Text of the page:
China’s official Purchasing Managers’ Index (PMI) increased from 49.3 in October to 50.2 in November, ending six months of contraction and surpassing Wall Street Journal economists’ prediction of 49.5. (Numbers above 50 indicate expansion.)
Nonmanufacturing PMI jumped from 52.8 in October to 54.4 in November.
The Chinese Central Bank, however, warned that rising household debt in China accounts for 60 percent of the GDP so far in 2019. Currently, total household debt equals total household income.
The People’s Bank of China said, “The debt risks of the household sector and some low-income households in some regions are relatively prominent and should be paid attention to.” Stricter policies are necessary, said the bank, to “guard against household sector debt.”
Household debt in China, which is 60 percent of the GDP, is lower than in the U.S., where it’s about 75 percent of GDP. In the EU, household debt is some 50 percent of GDP.
Swimming Against the Currency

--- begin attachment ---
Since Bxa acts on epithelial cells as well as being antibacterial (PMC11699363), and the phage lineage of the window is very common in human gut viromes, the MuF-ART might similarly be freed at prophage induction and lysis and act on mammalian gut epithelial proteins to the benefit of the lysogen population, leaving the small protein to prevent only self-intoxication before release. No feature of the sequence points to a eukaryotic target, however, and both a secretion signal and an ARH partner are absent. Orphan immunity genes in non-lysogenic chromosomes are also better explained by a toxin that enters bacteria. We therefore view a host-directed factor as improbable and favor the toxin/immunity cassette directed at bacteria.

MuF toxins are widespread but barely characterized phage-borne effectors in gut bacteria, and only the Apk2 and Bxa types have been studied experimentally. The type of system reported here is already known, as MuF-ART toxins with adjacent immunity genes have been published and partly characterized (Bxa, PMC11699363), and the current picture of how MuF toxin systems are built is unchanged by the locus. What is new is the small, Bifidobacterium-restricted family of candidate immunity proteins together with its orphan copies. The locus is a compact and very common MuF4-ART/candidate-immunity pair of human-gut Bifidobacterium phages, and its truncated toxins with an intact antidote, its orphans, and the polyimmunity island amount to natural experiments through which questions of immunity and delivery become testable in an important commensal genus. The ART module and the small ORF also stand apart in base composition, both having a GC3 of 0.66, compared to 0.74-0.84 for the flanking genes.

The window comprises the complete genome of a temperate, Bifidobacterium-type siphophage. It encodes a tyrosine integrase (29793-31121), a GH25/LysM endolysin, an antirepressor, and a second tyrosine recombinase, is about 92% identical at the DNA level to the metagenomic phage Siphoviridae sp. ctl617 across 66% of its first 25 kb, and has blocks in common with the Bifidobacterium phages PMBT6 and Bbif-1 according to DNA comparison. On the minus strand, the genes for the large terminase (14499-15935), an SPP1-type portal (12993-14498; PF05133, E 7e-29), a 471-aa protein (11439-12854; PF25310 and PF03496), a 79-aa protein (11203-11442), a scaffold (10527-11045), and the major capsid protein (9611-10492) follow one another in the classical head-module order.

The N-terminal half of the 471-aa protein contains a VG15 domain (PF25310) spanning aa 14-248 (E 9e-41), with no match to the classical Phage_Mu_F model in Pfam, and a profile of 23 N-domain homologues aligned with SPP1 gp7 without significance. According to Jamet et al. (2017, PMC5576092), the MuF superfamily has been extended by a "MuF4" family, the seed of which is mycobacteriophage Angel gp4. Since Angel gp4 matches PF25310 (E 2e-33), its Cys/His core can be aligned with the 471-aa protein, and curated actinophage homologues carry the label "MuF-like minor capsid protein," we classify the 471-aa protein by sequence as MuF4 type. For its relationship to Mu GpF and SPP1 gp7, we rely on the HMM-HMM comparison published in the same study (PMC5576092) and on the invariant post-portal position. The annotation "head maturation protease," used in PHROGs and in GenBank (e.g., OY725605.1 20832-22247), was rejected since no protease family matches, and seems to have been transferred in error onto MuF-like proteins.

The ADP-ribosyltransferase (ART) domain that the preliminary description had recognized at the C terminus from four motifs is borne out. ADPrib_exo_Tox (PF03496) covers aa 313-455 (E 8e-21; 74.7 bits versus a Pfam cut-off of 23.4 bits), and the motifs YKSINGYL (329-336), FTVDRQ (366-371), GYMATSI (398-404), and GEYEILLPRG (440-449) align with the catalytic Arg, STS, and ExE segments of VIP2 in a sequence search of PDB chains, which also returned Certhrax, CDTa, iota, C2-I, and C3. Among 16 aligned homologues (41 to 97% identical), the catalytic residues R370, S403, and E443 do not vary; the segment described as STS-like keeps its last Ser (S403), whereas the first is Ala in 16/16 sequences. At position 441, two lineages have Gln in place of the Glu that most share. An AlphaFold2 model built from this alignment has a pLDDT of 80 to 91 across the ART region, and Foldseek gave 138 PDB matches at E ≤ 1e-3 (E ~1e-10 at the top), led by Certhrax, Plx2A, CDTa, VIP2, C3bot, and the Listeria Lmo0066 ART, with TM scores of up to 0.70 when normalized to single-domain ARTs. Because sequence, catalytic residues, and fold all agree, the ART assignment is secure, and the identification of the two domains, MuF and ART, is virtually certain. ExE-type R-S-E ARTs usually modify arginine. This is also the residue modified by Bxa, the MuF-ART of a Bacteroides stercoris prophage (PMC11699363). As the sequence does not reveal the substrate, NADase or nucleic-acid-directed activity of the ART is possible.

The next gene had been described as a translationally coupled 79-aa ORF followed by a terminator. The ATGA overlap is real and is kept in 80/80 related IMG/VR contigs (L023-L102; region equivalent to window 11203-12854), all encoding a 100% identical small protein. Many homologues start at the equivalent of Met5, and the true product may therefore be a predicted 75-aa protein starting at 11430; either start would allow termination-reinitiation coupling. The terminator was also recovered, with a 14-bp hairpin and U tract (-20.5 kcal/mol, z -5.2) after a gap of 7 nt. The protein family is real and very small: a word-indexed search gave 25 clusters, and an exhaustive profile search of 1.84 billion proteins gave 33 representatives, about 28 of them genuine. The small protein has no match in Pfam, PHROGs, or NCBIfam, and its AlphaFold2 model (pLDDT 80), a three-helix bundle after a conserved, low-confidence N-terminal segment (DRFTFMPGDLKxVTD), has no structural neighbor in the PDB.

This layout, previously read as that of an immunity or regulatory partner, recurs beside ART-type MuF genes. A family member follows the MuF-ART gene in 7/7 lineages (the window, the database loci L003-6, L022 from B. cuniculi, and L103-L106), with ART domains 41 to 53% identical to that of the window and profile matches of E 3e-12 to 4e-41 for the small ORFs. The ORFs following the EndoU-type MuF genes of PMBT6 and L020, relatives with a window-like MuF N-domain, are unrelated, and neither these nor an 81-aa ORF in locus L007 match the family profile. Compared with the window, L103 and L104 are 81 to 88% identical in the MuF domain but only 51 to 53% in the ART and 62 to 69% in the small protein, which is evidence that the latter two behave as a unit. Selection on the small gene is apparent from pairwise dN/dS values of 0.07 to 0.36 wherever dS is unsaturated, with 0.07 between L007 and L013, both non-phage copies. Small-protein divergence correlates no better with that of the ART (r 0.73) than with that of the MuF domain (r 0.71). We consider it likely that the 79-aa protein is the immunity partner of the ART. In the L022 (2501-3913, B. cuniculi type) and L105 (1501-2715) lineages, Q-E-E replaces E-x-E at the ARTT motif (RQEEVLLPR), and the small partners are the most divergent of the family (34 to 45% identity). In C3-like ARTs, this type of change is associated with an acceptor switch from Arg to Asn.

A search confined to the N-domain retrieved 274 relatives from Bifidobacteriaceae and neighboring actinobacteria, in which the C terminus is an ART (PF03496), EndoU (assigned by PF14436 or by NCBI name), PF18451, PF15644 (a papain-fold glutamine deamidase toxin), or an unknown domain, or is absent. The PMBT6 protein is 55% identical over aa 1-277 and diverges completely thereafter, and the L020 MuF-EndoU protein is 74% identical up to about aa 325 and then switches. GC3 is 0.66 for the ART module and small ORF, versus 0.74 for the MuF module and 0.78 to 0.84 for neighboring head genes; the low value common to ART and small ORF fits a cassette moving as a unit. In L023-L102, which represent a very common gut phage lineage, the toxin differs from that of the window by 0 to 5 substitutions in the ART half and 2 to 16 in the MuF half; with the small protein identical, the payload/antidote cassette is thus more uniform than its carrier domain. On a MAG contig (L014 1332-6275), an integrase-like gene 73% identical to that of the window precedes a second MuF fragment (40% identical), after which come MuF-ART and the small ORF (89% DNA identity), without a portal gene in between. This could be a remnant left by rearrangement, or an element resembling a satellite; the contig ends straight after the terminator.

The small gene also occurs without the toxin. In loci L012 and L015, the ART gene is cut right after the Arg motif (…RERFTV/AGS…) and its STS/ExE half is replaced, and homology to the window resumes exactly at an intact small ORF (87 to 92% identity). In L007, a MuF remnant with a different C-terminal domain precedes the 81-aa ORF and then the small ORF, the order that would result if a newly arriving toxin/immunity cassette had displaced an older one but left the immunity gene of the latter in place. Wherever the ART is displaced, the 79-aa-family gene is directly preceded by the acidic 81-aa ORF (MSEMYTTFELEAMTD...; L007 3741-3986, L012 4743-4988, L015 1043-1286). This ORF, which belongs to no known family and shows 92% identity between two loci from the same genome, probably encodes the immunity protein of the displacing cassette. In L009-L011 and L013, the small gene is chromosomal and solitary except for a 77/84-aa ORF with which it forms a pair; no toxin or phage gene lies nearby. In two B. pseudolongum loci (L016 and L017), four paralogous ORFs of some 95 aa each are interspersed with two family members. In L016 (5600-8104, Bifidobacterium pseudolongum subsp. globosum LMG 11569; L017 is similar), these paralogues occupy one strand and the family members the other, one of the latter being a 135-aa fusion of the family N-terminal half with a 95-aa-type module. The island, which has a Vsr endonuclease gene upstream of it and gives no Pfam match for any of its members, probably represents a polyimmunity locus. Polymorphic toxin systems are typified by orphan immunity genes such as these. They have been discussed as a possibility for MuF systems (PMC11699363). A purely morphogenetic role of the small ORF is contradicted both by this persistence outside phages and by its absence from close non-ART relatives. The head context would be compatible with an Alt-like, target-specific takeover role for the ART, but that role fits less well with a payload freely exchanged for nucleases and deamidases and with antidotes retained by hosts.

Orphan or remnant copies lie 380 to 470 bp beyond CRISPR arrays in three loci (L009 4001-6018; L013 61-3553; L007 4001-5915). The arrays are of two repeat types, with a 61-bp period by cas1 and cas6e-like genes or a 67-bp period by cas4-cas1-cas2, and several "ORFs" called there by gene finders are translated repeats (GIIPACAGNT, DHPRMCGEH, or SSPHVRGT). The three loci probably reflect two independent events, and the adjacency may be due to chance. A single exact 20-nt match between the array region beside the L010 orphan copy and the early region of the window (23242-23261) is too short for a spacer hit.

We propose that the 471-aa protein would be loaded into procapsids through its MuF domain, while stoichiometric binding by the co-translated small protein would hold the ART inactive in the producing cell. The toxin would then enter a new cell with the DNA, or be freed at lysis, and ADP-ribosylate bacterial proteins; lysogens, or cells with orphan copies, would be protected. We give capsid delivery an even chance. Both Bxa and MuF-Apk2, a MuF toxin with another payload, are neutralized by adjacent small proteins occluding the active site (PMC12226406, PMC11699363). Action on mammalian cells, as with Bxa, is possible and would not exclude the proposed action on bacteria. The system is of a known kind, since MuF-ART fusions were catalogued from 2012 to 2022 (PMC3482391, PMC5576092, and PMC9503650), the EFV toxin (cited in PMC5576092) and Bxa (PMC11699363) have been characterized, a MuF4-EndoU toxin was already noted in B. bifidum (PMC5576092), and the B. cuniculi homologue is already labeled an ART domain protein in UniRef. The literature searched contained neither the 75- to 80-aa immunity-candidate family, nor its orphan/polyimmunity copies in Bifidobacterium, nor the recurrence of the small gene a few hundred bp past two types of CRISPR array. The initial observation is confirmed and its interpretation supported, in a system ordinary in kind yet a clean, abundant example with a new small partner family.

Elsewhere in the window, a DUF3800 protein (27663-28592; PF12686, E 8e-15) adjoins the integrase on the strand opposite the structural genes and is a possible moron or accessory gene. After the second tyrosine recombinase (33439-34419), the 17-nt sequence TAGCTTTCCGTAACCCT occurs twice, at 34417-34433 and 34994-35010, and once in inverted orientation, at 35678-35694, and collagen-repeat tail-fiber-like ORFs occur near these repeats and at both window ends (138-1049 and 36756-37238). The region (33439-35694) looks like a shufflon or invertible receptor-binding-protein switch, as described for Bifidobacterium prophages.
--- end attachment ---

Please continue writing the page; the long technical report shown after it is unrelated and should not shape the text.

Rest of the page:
As long reported in previous issues of the Trends Journal, China at this time is not purposely devaluing its currency to increase imports as Washington claims and will, along with other nations, develop strategies and options to break away from U.S. dollar dominance.
On the yuan front, People’s Bank of China Governor Yi Gang reiterated that he would not allow quantitative easing and wrote, “We should not let the money held by the Chinese people become worthless… Maintaining positive interest rates and upward-inclined yield curve is generally conducive to the economic entities, and in line with the Chinese people’s saving culture, thus beneficial to the sustainable development of the economy.”
Yi Gang also said, “The exchange rate of China’s yuan is decided by supply and demand, we will not play the yuan as a tool and will not resort to competitive devaluation of the yuan.”